LINDE v. ARAB BANK, PLC
In July 2004, Osen LLC sued Arab Bank, Plc on behalf of American terror victims in the U.S. District Court for the Eastern District of New York. The lawsuit, captioned Linde v. Arab Bank, Plc and brought under the Anti-Terrorism Act (ATA), was the first civil lawsuit brought against Arab Bank. The Plaintiffs sought to hold Arab Bank liable for deaths and severe injuries resulting from acts of international terrorism that Palestinian terrorist groups perpetrated between 2000 and 2004, during the Second Intifada. After 10 years of litigation that included multiple appeals, American victims of terrorism were finally able to present their case to a Brooklyn jury in August and September 2014. The first trial centered around 24 terrorist attacks that the Plaintiffs alleged were perpetrated by Hamas, a Foreign Terrorist Organization that the United States first designated a terrorist entity in 1995. On September 22, 2014, an 11-person jury found Arab Bank liable for knowingly providing financial services for Hamas. This finding represented the first, and still only, time a financial institution has been held civilly liable for aiding terrorism.
The Liability Trial (August-September 2014)
During the course of the trial, which centered around 24 Hamas terrorist attacks between March 2001 and September 2004, the Plaintiffs proved that Arab Bank knowingly provided material support to Hamas by illegally maintaining accounts for: Hamas (via an account held in the name of senior Hamas leader and spokesman Osama Hamdan that accepted multiple checks explicitly made out to beneficiary "Hamas"); Hamas’s founder and supreme leader, Sheikh Ahmed Yassin (Yassin was first designated a Specially Designated Terrorist in 1995); and dozens of other Hamas leaders and senior operatives, including Salah Shehadeh - founder and former head of the Izz al-Din al-Qassam Brigades in Gaza, and Ismail Haniyeh, former Prime Minister of the Palestinian Authority and current Hamas leader in Gaza. The Plaintiffs also proved that Arab Bank knowingly provided material support to terrorist groups such as Hamas and Hezbollah that facilitated millions of dollars in direct transfers to the families of suicide bombers and other terrorist operatives through the Saudi Committee for the Support of the Intifada al Quds and the Al-Shahid Foundation. Lastly, the Plaintiffs proved that Arab Bank knowingly provided material support to Hamas by maintaining accounts for eleven Hamas-controlled organizations in the Palestinian Territories.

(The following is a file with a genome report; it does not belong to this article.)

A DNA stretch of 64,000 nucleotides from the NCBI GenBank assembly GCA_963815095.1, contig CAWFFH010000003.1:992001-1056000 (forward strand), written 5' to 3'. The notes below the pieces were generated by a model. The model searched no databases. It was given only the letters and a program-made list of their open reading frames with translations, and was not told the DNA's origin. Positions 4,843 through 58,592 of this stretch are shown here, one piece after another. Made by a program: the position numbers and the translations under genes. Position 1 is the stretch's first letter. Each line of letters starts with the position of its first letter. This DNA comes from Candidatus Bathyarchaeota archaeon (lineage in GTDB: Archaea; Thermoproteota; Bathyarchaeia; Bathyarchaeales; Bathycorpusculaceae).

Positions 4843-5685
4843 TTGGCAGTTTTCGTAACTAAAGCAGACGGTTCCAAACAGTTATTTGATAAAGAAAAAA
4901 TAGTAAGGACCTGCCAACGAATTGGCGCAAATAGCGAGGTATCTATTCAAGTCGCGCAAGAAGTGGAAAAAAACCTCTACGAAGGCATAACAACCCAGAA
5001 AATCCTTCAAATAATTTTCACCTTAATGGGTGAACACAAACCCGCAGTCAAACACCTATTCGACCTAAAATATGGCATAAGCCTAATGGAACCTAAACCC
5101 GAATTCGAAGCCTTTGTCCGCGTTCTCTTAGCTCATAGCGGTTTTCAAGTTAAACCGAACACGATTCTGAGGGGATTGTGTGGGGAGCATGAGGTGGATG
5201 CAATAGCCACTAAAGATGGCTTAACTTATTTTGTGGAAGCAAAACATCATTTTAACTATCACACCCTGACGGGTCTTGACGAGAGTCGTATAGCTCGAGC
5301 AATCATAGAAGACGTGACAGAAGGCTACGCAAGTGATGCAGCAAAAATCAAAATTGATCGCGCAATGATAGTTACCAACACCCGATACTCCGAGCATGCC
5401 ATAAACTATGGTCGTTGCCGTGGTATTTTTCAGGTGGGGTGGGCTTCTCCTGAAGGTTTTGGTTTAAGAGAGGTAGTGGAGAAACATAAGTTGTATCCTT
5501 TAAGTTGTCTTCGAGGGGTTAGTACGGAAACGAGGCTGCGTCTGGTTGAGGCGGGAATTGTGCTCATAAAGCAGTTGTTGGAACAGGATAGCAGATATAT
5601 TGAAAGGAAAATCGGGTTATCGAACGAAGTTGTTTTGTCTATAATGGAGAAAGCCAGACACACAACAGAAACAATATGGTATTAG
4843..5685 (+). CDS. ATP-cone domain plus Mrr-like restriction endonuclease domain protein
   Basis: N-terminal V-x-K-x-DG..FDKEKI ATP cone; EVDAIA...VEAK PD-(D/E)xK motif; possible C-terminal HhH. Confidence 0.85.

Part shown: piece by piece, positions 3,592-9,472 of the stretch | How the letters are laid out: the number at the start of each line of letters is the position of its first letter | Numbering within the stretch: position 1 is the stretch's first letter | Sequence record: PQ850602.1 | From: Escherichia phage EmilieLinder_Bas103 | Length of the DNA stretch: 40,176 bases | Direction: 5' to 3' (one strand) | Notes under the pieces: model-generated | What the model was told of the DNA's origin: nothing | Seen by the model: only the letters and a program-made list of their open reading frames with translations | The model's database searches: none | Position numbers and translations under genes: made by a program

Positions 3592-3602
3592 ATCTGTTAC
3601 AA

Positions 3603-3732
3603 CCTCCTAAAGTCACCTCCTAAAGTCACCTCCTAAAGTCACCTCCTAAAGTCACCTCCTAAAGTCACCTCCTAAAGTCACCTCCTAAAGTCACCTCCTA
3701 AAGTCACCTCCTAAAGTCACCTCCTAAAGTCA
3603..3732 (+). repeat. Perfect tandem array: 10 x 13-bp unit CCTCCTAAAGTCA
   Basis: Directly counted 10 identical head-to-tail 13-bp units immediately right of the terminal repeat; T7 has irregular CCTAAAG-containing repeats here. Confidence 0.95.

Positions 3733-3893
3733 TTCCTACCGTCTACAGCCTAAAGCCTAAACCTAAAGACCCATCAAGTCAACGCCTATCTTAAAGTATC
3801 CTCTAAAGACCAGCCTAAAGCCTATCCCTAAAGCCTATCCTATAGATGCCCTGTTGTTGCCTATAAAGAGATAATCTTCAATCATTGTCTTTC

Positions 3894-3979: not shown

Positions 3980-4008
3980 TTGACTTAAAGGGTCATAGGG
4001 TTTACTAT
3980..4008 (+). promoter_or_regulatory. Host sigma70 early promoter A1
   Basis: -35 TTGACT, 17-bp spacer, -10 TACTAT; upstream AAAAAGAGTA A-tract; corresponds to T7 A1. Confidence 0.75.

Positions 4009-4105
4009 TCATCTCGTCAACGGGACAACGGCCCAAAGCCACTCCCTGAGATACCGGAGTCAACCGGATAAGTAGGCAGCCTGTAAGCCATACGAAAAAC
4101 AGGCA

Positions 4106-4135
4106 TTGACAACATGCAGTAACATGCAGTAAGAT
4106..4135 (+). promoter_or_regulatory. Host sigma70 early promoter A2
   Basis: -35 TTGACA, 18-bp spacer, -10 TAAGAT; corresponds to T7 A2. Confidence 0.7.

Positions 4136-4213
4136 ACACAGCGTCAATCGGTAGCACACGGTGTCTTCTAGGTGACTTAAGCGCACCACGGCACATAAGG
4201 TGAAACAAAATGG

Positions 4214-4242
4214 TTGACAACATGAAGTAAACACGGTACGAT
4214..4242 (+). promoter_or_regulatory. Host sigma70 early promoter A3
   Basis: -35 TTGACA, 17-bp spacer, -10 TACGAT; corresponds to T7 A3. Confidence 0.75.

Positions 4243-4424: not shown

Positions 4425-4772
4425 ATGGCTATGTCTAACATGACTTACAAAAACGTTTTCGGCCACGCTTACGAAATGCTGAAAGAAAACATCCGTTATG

One of Arab Bank's chief contentions, voiced by defense expert Beverley Milton-Edwards, was that the identities of Hamas leaders were not well known between 2000-2004. The jury, however, was shown a video of the funeral of the infamous Hamas bomb-maker, Muhanad al-Taher, in the town square of Nablus. Hamed Beitawi, vice-Chairman of the Nablus Zakat Committee and Chairman of the Islamic Solidarity Al-Tadhamun Charitable Society - Nablus (two of the eleven relevant Hamas-controlled organizations, both of which maintained accounts at Arab Bank) spoke at this very public event. Dr. Milton-Edwards was also impeached by video showing Salah Shehadeh - founder and former head of the Izz al-Din al-Qassam Brigades in Gaza - giving a speech to a massive audience, thus undercutting the Bank’s claim that Hamas leaders “lived in the shadows.”